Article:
Luke Gittos, the editor of the law section of the establishment-left publication Spiked Online, has penned a short piece attacking Roosh Valizadeh. The piece is also a broadside against what Gittos calls the “pick-up industry.” Into the same pot are thrown the hapless MRAs, denounced by Gittos as a “merry band of saddos.”
Why is a writer who purports to be so against rape culture hysteria that he has just written a book on the subject so keen to lash out against Roosh and the broader men’s movement?
Never let a good crisis go to waste
Gittos’ article for Spiked coincides with the petition to ban Roosh’s books from Amazon, and, tellingly, with the publication of his own book, “Why Rape Culture is a Dangerous Myth: From Steubenville to Ched Evans.” The conclusion of the article is, predictably given Spiked’s dogmatic stance on free speech, that Roosh’s ooks should not be banned.
On the other hand, he makes sure to throw in ample scorn for Roosh and the “pick-up industry,” distancing himself from such undesirable male behaviour as, er, having a sexual strategy.
MRA? PUA? Same difference.
The problems with Gittos’ facile attempt to insinuate himself and Spiked within the bounds of “kosher” discourse and men’s groups outside it are glaring. For starters, much like the SJW’s he would otherwise like to distance himself from, Gittos misattributes Roosh’s “argument” for the legalisation of rape on private property to one of his books, rather than to his website, evidencing a lack of research.
Neither has he picked up that Roosh himself told Canadian journalist Ezra Levant in an interview that the article was tongue in cheek and intended to stir debate. Further, Gittos places Roosh in the “MRA” camp, on the basis of “[A] quick perusal” of Roosh’s Youtube channel.” Again, the learned barrister turned solicitor shows a concerning lack of attention to detail. Roosh, as anyone who reads the manosphere will know, has distanced himself from the Men’s Rights Movement.
Moreover, Gittos appears to be ideologically confused. On the one hand he has written a book entitled “Why Rape Culture Is A Dangerous Myth,” and on the other hand he writes the Men’s Rights Movement off out of hand as a “…merry band of saddos [that] believes that the world is being controlled by a feminist conspiracy that is enslaving men.”
I presume from the title of Gittos’ book that he thinks that the politically motivated drive to inflate the conviction rate for sexual offences is not a welcome phenomenon. I also presume that, as a columnist for Spiked Online, he is not blind to the fact such changes in policy do not arise in a vacuum but are rather the product of political trends of the day.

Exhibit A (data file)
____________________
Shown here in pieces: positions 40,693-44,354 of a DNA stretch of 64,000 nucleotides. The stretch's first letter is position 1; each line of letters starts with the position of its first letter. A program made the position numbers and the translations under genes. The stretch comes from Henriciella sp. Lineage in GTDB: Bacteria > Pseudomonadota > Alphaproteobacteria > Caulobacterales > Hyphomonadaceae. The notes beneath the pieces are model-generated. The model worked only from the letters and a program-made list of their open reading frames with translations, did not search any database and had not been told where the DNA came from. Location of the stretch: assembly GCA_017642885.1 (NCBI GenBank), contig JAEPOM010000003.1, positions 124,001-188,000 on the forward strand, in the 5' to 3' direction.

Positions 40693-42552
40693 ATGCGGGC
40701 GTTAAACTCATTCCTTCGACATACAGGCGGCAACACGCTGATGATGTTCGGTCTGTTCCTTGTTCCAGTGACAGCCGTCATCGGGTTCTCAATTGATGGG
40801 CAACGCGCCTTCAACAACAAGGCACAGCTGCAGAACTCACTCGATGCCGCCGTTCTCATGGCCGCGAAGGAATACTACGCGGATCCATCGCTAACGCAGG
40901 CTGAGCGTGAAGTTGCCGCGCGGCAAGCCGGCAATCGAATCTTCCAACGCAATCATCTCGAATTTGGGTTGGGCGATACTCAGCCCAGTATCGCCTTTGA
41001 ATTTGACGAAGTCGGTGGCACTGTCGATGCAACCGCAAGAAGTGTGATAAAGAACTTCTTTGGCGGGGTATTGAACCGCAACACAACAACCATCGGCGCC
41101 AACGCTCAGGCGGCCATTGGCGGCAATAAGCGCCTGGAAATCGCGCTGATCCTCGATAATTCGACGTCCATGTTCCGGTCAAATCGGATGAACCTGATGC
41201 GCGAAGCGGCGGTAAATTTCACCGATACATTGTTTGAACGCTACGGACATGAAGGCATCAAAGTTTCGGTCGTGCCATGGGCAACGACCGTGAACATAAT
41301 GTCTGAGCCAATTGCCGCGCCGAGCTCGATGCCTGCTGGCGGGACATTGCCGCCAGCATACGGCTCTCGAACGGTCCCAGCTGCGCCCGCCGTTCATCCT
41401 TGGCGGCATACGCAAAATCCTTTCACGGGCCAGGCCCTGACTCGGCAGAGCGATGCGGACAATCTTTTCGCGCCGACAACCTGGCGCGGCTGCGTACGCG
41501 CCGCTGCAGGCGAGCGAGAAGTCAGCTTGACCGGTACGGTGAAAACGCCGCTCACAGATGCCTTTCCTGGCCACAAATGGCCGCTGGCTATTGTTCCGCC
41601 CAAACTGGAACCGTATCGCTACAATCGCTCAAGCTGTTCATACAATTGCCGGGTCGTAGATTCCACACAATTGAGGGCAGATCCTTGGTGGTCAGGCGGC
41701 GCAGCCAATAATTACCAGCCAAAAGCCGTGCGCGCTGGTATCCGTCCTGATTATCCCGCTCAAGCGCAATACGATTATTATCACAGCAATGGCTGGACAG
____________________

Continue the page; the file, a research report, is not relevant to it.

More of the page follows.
And what popular political movement could possibly be militating for increased rape convictions at any cost, including the due-process rights of innocent men?
You are all basement-dwelling neckbeard virgins
Without engaging in any further inquiry into whether the “Men’s Rights Movement” has any legitimate claims or grievances whatsoever, Gittos launches into a little attack on PUAs. “Roosh V, Julien Blanc and the rest of their ilk are utter tools,” opines our moral crusader, carefully choosing his targets. In another broad brush denunciation, he writes off the thousands of men who have bought Roosh’s books as:
likely to be lonely, desperate, web-based singletons. These men pose no threat to women. At worst, they might repulse them when they deploy Roosh’s creepy tactics.
Where have we heard this language? It’s very much the register of Social Justice Warriors, is it not? Lonely, desperate, web-based singletons. Creepy. It’s a surprise that Gittos has made no mention of basements and fedoras.
Knocking down the PUA straw man
Having completed his out-of-hand (and scantily researched) dismissal of two rather broad and diverse movements, our receding-chinned jurisprudent proceeds to give us his learned view on the “state of contemporary intimacy”:
Today, the process of picking up women is seen by many as too risky to involve oneself in emotionally. While pick-up artists claim to be masters of charming women, their industry only exists because people are becoming more wary of the emotional risk inherent in the act of seduction. The idea that you might approach a member of the fairer sex, make a prat of yourself and walk away with your tail between your legs is coming to be seen as a needless and terrifying emotional risk.
What utter prattle. One of the very foundations of the pick-up canon is the need to embrace this very “emotional risk inherent in the act of seduction.” No pick-up guru worth his salt has ever sold a product by promising clients that he could remove the trauma of rejection.